Friday, December 11, 2015

Trail crosses Continental Divide in Rockies

The Milner Pass Trail crosses the Continental Divide.
Photo courtesy of Wikipedia.
Topo Map, Milner Pass Trail.

Route connects
Milner Pass
to Fall River Pass


Day hikers can place their feet on both sides of the Continental Divide when hiking the Milner Pass Trail at Rocky Mountain National Park.

The 4.1-mile one-way trail makes for a long round-trip hike, but the route can be shortened or treated as a point-to-point trail. Because of the high elevation, the road to the trailhead often is closed in winter, so July through September is the narrow window hikers have to hit this route.

To reach the trailhead, from Estes Park drive west on U.S. Hwy. 34/Trail Ridge Road. Park at the Poudre Lake Trailhead at Milner Pass, which sits 10,759 feet above sea level.

The Great Divide
Before beginning the hike, walk the fenced path northeast to Poudre Lake. The lake is the headwaters of the Cache La Poudre River that flows east into the Platte River.

The Continental Divide runs across two continents from the Bering Strait to the Strait of Magellan. All water west of the divide ultimately drains into the Pacific Ocean while water east of it heads into the Atlantic Ocean, Gulf of Mexico and Caribbean Sea. At Milner Pass, the divide is southwest of the Poudre Lake shore and marked by a large sign. The Milner Pass Trail crosses the Divide three times.

From the parking lot, head south on the narrow but obvious trail that cuts through the grass and evergreens. The route is initially steep as it passes Sheep Rock, which is on the Divide’s Pacific side. After a hairpin turn, the trail gradually veers northeast, recrossing the Divide to its Atlantic side.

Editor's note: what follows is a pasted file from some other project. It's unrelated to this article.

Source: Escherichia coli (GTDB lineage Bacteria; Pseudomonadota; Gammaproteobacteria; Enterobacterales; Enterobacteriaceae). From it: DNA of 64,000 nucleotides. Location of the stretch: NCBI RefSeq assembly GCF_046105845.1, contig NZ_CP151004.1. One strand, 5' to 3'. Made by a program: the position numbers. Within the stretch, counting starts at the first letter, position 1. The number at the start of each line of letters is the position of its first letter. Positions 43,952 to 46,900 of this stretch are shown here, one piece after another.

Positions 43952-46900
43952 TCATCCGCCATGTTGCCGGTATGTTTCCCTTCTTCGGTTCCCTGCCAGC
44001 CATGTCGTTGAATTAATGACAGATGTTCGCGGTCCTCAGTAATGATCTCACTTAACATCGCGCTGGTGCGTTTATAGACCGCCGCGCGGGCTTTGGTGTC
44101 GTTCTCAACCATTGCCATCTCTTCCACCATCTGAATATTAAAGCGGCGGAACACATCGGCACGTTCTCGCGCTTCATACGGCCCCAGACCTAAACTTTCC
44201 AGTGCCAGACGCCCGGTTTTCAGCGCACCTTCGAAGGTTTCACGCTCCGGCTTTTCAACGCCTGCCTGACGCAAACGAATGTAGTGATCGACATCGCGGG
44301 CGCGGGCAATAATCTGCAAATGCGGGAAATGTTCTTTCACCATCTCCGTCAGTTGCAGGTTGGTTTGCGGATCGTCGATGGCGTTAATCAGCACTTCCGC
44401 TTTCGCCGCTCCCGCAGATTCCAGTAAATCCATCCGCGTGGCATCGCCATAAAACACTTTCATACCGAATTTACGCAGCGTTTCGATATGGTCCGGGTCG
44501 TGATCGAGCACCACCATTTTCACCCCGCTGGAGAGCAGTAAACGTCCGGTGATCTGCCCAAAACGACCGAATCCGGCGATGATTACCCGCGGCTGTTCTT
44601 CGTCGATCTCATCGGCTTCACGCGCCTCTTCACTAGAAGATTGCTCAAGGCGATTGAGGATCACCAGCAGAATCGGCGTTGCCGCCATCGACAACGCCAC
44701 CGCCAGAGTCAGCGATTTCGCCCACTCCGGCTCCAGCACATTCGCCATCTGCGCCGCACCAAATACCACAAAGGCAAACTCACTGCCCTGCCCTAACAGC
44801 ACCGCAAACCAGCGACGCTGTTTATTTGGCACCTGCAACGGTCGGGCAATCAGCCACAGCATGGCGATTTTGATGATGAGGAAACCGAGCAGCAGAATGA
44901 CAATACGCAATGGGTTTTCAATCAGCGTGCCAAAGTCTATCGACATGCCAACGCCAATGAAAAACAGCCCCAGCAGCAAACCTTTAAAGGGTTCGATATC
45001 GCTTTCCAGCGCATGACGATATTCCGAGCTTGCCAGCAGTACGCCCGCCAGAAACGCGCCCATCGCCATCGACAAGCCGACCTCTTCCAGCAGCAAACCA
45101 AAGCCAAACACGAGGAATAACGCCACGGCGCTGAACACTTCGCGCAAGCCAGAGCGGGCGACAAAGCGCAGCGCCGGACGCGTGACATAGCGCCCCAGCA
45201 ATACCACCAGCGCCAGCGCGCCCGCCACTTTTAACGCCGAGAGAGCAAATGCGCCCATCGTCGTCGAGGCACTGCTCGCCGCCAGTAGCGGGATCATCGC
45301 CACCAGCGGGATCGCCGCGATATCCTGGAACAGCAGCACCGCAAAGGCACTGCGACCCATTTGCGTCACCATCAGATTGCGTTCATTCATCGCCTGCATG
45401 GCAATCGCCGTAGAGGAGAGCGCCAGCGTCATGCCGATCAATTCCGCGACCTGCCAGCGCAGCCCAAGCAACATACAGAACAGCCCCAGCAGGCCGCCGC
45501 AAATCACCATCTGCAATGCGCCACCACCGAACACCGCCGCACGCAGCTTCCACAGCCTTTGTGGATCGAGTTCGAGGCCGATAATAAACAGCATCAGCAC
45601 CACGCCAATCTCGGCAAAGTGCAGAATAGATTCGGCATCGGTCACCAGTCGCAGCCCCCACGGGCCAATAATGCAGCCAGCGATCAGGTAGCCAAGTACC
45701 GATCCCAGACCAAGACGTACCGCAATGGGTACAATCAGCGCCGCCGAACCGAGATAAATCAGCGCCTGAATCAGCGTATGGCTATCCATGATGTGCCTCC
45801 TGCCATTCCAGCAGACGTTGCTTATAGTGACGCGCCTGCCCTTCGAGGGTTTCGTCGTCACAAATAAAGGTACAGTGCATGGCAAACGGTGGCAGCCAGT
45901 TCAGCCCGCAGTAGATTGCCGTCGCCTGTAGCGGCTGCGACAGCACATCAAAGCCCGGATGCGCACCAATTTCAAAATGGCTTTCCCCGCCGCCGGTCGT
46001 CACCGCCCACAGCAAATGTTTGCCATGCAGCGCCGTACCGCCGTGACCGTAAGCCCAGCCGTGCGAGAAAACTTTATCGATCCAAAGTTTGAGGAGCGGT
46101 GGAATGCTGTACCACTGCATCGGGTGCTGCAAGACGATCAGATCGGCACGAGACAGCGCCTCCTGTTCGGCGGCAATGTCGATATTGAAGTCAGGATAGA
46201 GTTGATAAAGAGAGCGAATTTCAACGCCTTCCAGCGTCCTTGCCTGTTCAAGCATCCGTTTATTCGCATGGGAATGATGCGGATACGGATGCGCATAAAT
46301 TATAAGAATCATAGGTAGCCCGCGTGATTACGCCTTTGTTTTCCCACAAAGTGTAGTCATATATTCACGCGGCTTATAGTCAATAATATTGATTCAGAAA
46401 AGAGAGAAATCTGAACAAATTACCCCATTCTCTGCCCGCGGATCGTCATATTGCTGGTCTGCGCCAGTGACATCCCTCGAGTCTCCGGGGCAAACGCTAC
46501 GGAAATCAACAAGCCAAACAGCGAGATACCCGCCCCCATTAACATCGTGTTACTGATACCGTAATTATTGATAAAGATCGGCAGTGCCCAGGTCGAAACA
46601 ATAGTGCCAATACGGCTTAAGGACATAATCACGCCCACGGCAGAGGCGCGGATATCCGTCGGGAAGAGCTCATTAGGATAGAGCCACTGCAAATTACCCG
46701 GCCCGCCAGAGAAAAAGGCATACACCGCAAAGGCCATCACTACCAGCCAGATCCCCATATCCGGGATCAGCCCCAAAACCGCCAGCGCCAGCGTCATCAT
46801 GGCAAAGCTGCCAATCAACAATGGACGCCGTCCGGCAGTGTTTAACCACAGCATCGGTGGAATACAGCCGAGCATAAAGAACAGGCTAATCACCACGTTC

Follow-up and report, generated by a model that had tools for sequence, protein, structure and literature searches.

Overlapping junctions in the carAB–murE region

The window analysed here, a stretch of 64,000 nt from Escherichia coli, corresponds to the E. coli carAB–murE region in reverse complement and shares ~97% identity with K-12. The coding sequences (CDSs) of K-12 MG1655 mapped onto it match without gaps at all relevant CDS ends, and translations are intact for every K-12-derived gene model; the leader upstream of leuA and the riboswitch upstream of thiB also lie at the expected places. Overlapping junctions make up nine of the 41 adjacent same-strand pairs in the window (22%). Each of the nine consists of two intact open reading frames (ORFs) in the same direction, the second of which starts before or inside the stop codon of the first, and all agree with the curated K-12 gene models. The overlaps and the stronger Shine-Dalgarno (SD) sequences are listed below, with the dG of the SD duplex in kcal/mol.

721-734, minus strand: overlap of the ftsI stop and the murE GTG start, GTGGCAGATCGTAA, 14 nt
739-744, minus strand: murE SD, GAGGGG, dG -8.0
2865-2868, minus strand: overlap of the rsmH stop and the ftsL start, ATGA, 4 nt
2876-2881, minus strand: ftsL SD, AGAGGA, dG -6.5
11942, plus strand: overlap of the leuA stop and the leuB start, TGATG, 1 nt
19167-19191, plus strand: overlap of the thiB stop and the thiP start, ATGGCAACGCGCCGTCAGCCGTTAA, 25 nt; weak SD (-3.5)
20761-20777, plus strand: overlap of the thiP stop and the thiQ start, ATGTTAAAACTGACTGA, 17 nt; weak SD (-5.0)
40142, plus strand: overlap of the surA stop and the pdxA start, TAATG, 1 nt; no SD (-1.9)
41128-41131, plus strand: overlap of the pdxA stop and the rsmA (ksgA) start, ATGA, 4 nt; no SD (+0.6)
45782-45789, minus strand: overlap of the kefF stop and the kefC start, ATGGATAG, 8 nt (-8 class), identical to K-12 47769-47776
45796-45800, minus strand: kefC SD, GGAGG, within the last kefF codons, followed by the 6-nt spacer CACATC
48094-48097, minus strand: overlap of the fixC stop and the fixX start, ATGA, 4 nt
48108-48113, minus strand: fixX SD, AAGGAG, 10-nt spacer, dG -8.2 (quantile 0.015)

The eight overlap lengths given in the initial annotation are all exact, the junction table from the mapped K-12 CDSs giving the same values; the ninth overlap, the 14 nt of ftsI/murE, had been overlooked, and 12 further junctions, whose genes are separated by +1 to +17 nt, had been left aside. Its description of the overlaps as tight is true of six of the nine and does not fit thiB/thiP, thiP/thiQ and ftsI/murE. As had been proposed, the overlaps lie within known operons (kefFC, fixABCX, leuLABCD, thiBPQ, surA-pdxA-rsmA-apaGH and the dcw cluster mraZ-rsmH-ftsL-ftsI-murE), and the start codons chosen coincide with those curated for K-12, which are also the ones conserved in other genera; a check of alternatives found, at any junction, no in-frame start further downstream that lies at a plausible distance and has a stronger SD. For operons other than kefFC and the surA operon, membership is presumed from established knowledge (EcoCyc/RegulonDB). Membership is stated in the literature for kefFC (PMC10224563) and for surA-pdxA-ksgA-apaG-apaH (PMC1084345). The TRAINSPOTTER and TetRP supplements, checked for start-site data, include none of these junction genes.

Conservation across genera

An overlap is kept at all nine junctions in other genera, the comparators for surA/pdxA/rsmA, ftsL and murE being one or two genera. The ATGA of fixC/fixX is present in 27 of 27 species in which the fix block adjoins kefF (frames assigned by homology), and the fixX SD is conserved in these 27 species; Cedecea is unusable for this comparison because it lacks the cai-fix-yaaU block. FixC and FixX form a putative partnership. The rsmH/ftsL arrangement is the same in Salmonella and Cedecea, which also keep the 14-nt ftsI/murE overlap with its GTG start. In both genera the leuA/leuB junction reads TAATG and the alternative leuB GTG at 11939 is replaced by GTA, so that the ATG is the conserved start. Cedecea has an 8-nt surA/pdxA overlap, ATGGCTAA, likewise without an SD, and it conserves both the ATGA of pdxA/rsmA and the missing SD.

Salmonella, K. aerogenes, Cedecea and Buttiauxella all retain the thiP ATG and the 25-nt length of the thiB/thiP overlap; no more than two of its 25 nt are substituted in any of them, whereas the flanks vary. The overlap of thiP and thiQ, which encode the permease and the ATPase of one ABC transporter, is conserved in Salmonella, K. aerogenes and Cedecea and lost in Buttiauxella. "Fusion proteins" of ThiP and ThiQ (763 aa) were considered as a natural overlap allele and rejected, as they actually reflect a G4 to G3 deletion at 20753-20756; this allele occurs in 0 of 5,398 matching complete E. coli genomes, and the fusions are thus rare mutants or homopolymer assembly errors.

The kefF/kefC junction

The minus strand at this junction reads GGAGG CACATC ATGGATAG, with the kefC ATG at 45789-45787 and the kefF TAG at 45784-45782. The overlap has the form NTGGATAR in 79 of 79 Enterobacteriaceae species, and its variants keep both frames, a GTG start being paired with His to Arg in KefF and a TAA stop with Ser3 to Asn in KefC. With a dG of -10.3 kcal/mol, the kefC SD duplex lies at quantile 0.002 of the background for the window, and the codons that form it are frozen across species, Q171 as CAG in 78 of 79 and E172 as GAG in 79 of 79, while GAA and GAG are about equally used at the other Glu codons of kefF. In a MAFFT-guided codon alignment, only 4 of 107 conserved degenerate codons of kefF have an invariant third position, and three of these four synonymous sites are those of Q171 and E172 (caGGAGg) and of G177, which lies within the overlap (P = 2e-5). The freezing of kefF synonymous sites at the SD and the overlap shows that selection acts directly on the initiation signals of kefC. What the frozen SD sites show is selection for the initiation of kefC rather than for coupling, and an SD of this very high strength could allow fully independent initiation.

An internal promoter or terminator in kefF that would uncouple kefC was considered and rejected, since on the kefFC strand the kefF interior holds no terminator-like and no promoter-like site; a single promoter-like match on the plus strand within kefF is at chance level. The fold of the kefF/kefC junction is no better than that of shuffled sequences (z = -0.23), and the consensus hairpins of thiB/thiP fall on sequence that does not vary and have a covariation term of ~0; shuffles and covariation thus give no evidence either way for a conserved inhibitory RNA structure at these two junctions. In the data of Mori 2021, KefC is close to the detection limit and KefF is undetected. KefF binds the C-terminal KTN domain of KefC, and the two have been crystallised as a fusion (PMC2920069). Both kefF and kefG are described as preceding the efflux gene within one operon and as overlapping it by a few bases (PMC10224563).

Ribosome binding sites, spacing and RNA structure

At 0.6 miles, the trail reaches a junction with an unmaintained path to Mt. Ida. Continue heading straight/northwest. The terrain quickly levels out as the trail heads through thinning patches of subalpine forest the rest of the way.

Wildlife
In the meadows, Specimen Mountain, at more than 12,400 feet, towers over the north and west side of the Cache La Poudre River. To the south and east are twin 11,880-foot peaks, which Poudre Lake sits at the base of.

Bring a binoculars. Elk and deer often can be spotted in the middle portion of the hike. Bighorn sheep also sometimes can be seen on the mountain slopes while moose sometimes feed in the alpine ponds and meadows.

At two miles from the trailhead, the route reaches Forest Canyon Pass. Widening to the southeast, the canyon is where the headwaters of the Big Thompson River forms.

Several scenic ponds dot the flats. But at Forest Canyon Pass, perhaps the most impressive view requires you to pause and turn around. Never Summer Ridge is now visible in the west. Ten distinct peaks top out at above 12,000 feet in the range.

Open tundra
About three miles from the trailhead, breaks in the treeline allow views of Cache La Poudre River to the north. The trail soon splits; the route on the right heads to Gore Range Overlook, while going left/northeast is the Milner Pass Trail.

For the last 0.6 miles, the trail largely crosses open tundra on a west-facing slope. The grade increases here but is fairly moderate.

About 4.1 miles from Milner Pass, the trail arrives at Alpine Visitor Center. The elevation at the center, which sits along Trail Ridge Road at Fall River Pass, is 11,796 feet.

With these high elevations throughout the trail, always pace yourself and drink plenty of water. Be on constant alert for altitude sickness.

Sometimes this route is referred to as Ute Trail on maps. It technically is part of that trail, of which two disconnected sections exist in the national park.

Learn more about national park day hiking trails in my Best Sights to See at America’s National Parks guidebook.